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HMRC internal manual

National Insurance Manual

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HM Revenue & Customs
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Special cases - property letting: business for Class 2 National Insurance Contributions

Section 2(1)(b) SSCBA 1992

A self-employed earner is defined at section 2(1)(b) of the Social Security Contributions and Benefits Act 1992 as: ““self-employed earner” means a person who is gainfully employed in Great Britain otherwise than in employed earners employment (whether or not he is also employed in such employment).”

A person who is liable to Income Tax on the profits of a trade, profession, or vocation will generally also be a self-employed earner for National Insurance Contributions (NICs) purposes. As a self-employed earner, they will be liable to pay Class 2 NICs.

However, a person who is liable to Income Tax on the profits arising from the receipt of property rental income will only be a self-employed earner for NICs purposes if the level of activities carried out amounts to running a business.

The nature of property letting requires some activity to maintain the investment, but that is not enough to make it a business. For example, being a landlord normally involves:

  • undertaking or arranging for external and internal repairs
  • preparing the property between lets
  • advertising for tenants and arranging tenancy agreements
  • generally maintaining common areas in multi-occupancy properties; or
  • collecting rents.

In order for a property owner to be a self-employed earner, their property management activities must extend beyond those generally associated with being a landlord (which include, but are not limited to, the above).

For example, ownership of multiple properties, actively looking to acquire further properties to let, and the letting of property being the property owner’s main occupation could be pointers towards there being a business for NICs purposes.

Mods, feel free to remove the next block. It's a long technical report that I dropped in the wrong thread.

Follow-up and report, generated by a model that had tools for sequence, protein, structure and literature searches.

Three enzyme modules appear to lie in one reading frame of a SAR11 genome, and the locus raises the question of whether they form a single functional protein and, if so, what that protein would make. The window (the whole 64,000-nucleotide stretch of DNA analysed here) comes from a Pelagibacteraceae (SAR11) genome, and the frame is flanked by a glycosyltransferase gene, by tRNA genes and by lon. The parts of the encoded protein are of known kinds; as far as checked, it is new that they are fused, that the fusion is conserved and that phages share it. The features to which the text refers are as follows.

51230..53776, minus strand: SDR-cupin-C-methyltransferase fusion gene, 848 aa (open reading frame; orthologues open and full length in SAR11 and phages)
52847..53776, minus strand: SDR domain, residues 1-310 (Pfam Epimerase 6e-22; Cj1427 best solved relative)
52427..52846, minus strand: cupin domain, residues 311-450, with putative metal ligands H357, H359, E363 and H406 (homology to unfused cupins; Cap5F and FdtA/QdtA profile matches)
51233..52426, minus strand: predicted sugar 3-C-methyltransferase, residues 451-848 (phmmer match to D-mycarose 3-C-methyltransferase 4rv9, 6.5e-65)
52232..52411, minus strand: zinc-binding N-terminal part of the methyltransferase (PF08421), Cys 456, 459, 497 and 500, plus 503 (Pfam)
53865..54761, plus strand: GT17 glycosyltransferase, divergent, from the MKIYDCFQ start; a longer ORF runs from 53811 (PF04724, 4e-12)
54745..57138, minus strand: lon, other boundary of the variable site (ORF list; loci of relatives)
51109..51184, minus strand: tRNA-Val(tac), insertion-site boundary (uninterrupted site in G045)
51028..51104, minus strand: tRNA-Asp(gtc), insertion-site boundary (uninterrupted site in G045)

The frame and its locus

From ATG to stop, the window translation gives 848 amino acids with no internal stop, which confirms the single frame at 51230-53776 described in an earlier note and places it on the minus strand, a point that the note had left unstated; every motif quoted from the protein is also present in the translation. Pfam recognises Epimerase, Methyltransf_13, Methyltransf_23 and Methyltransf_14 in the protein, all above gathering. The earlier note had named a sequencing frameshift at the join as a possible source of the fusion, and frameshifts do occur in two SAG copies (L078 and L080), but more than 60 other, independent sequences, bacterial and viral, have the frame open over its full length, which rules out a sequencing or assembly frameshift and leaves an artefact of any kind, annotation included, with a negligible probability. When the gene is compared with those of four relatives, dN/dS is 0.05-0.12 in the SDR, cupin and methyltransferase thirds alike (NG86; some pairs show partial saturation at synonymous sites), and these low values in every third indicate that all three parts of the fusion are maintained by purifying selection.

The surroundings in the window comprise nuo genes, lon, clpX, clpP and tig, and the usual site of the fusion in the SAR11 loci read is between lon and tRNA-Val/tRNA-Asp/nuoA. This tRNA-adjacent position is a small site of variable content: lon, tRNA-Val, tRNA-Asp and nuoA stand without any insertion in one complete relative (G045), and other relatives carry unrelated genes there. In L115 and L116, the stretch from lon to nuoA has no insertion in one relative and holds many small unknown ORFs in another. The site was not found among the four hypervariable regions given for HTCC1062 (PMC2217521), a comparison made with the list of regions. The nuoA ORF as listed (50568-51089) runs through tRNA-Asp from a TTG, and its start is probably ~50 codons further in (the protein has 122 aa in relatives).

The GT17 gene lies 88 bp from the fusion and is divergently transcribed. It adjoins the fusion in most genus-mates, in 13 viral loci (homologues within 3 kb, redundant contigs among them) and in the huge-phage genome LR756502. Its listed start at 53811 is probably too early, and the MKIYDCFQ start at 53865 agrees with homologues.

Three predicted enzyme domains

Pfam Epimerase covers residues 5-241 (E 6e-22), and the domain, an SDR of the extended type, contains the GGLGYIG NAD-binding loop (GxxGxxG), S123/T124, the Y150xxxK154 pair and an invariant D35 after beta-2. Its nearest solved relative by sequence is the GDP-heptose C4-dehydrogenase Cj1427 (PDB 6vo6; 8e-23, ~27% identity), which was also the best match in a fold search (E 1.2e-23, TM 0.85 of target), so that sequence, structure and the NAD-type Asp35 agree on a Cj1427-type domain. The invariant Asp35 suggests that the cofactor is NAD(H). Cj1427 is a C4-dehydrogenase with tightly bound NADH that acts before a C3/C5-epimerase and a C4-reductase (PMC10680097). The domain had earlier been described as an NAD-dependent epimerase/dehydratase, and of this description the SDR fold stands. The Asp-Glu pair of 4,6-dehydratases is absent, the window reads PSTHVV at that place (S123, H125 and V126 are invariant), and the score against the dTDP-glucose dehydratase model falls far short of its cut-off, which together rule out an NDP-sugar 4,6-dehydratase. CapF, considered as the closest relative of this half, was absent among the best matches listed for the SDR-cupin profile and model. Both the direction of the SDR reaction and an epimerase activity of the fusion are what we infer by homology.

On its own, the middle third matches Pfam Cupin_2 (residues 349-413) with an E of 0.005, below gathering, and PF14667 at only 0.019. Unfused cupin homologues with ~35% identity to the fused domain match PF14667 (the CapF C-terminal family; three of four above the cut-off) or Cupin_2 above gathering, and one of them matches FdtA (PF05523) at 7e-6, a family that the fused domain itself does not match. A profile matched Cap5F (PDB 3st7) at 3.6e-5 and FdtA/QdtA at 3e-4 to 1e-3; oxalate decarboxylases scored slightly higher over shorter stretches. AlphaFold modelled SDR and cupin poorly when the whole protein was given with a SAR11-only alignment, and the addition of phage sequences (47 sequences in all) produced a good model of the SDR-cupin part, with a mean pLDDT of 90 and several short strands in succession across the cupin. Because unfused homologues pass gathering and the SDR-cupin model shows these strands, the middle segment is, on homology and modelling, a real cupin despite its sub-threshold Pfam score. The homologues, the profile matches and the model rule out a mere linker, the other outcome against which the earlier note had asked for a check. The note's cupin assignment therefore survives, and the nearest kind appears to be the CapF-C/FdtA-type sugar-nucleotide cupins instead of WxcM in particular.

A landlord will also be a self-employed earner if any of their activities amount to a trade for Income Tax purposes. This could include, for example, receiving income from other services such as providing a bank of washing machines in a multi-occupancy block that is rented to tenants, or providing an ironing service to tenants. Running a guest house or hotel will also usually amount to a trade for Income Tax purposes, so an individual proprietor will be a self-employed earner for NICs purposes.

If a property owner has an agent who manages their property for them, things that the agent does should be attributed to the owner. ‘Agent’ includes a friend or family member, as well as a professional managing agent. However, a property owner will only be a self-employed earner on this basis if the things that the agent does for them (ignoring any other clients they might have) are enough to count as a business or trade.

Examples

Samantha lets out a property that she inherited following the death of her great aunt. This will not constitute a business.

Bob owns ten properties which are let out to students. He works full time as a landlord and is continually seeking to increase the number of properties he owns for letting. Bob is running a business for NICs purposes.

Claire owns multiple properties that are let. She spends around half her working time carrying out duties as a landlord and is not looking to increase the number of properties she owns. If the only duties that Claire undertakes are those normally associated with being a landlord, then this would not constitute a business.

Hasan purchases properties using “buy to let” mortgages. He places all letting duties in the hands of a property letting agent who acts as landlord on his behalf. If the only duties that the property letting agent undertakes for Hasan are those normally associated with being a landlord, then this would not constitute a business.